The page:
Having performed this duty, I continued up the river, thinking that I might find fortifications at Mosquito Creek, which offers the only inland channel of communication with Charleston. None had, however, been erected there, and I continued up the river to the plantation on Hutchinson Island, about twelve miles above Otter Island, which was as far as the vessels could go. Here were a large number of negroes, but no white men, although they told me there was a picket of soldiers about three miles beyond. At this time I heard heavy firing, and as we all supposed it proceeded from the Pawnee, I hurried every one on board and returned down the river as quickly as possible; but, on reaching that vessel, was told that the sounds came from the direction of Beaufort.

Then, with the Pawnee, got under way, and, accompanied by the other vessel, ran across the bay to Hunting Island's River, where I landed and looked for the fortifications on the point of Hunting Island, but could not find the least appearance of there ever having been any there. The light-house had been recently blown up, and all the public property carried away. I had now examined all the points mentioned in your letter, except Coffin's Landing, which had been visited by Lieutenant O'Rourke on his way across, and he reporting that no works had been erected there, I did not think it worth the delay that would have been occasioned there. I left Hunting Island harbor at seven o'clock this morning, and reached my anchorage here at meridian.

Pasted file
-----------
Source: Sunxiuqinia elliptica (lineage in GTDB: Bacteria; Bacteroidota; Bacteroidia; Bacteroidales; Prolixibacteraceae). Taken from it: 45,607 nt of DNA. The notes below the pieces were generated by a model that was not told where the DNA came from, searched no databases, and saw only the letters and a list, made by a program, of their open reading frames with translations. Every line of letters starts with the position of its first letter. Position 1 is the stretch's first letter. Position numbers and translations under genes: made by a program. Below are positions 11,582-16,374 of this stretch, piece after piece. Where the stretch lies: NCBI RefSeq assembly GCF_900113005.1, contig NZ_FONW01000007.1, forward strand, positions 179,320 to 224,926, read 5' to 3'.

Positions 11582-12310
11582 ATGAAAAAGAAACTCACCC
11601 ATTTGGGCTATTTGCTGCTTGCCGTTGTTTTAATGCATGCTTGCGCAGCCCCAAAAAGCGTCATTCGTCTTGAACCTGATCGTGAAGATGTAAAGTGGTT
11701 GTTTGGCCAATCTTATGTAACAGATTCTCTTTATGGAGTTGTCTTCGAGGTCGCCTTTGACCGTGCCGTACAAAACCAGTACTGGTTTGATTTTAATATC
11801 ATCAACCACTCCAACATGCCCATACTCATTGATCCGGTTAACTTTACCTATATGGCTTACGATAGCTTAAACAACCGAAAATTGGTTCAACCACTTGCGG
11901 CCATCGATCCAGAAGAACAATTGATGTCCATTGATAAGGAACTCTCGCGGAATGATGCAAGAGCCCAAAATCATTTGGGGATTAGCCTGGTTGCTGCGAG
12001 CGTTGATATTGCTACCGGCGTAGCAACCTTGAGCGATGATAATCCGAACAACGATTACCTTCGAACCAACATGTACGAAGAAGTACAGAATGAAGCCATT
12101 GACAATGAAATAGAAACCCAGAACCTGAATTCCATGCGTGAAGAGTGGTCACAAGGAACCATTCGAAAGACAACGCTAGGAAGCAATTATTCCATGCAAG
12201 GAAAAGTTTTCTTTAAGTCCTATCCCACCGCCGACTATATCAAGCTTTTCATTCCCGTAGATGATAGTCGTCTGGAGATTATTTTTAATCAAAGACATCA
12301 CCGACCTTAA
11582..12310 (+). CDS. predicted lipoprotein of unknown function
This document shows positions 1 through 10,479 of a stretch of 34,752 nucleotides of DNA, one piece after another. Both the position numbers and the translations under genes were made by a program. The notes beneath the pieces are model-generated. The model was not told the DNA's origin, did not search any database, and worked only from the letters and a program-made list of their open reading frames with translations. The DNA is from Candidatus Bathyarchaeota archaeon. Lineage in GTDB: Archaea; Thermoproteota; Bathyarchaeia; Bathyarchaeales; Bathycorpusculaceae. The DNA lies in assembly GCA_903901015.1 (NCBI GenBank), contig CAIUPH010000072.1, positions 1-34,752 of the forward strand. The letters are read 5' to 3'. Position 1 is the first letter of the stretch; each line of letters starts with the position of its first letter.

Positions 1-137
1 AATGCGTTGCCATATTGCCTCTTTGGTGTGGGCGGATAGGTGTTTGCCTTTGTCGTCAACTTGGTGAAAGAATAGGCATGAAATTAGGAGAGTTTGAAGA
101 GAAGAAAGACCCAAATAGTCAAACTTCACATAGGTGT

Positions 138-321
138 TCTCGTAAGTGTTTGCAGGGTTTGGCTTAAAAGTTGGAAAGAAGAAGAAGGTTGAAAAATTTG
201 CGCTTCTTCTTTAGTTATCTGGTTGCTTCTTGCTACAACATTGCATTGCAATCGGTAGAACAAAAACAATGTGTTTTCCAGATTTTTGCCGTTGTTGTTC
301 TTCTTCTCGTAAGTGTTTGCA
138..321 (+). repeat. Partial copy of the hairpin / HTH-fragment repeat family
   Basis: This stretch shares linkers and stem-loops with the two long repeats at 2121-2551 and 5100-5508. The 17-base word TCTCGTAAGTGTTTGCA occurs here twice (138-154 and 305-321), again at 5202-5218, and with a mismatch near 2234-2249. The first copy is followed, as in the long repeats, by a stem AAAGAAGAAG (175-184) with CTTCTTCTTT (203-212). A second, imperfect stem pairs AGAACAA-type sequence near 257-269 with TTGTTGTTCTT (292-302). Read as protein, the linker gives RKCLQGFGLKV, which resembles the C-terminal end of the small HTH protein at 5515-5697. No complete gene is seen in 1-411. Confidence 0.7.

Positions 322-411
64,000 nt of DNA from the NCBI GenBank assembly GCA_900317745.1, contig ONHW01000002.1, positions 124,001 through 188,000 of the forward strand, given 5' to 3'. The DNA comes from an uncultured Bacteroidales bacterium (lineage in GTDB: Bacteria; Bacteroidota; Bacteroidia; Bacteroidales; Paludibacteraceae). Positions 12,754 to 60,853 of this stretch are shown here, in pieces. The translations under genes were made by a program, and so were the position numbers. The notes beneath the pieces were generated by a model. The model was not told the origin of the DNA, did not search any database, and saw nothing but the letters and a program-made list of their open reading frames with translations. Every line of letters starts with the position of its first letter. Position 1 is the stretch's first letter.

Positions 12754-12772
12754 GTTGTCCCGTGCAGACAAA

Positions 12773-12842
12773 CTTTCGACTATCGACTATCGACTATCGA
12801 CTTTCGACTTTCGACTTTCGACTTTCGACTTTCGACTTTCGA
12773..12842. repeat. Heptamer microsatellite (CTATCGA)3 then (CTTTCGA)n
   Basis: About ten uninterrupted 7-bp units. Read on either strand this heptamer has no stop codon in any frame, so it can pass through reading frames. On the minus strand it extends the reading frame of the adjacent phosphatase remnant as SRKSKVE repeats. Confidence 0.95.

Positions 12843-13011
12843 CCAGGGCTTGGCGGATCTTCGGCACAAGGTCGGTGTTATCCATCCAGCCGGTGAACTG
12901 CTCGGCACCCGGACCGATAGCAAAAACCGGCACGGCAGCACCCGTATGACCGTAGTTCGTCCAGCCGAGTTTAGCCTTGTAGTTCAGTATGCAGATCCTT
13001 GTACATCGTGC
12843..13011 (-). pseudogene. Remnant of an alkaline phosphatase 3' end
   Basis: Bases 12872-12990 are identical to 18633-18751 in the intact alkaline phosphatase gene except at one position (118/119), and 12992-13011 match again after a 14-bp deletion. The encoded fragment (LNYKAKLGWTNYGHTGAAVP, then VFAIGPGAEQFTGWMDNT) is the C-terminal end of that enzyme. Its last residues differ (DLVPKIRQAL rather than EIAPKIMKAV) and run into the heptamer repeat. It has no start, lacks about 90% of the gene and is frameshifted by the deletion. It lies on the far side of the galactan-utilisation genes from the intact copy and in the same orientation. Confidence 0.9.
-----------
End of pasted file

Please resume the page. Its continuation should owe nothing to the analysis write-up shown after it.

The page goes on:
With regard to the other inquiries that I was ordered to make, I would beg leave to say, that whenever practicable, the slaves have been removed, as on the northern side of the Ashepoo, where there is no communication with the Edisto. At all the plantations south of that, a great many still remain at Hutchinson Island, not less, I think, than one hundred and twenty. Not a white man seems to be left anywhere outside the line of military occupation, which was higher than I was able to go with the vessels.

The slaves are doing nothing, are very friendly, and assisted us voluntarily whenever we wanted their aid; and sometimes, as at Fort Hayward, worked very hard. I overheard one of them say, that it was but fair they should do so for us, as we were working for them. The more intelligent among them told me that there was no packed cotton this year, and that not much more than half the cotton and scarcely any of the provision crop had been gathered.

I forgot to mention that, as far as we could make out, on our return down the river, (the Ashepoo,) they appeared to be burning houses in the direction of the South Edisto River, or on those plantations which must have still been in the possession of the whites, and the same thing seemed to be continued during the night.

I cannot finish without mentioning the obligations I am under to Captain Boutelle for the skill and untiring energy he displayed in piloting us through those inland waters; and I think the people must have been a little surprised at seeing vessels of war passing at full speed up narrow, and not overdeep, rivers, such as the Coosaw and Ashepoo.

I am, very respectfully, your obedient servant,

P. Drayton, Commander, (commanding Pawnee.)

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C. O. Boutelle (3)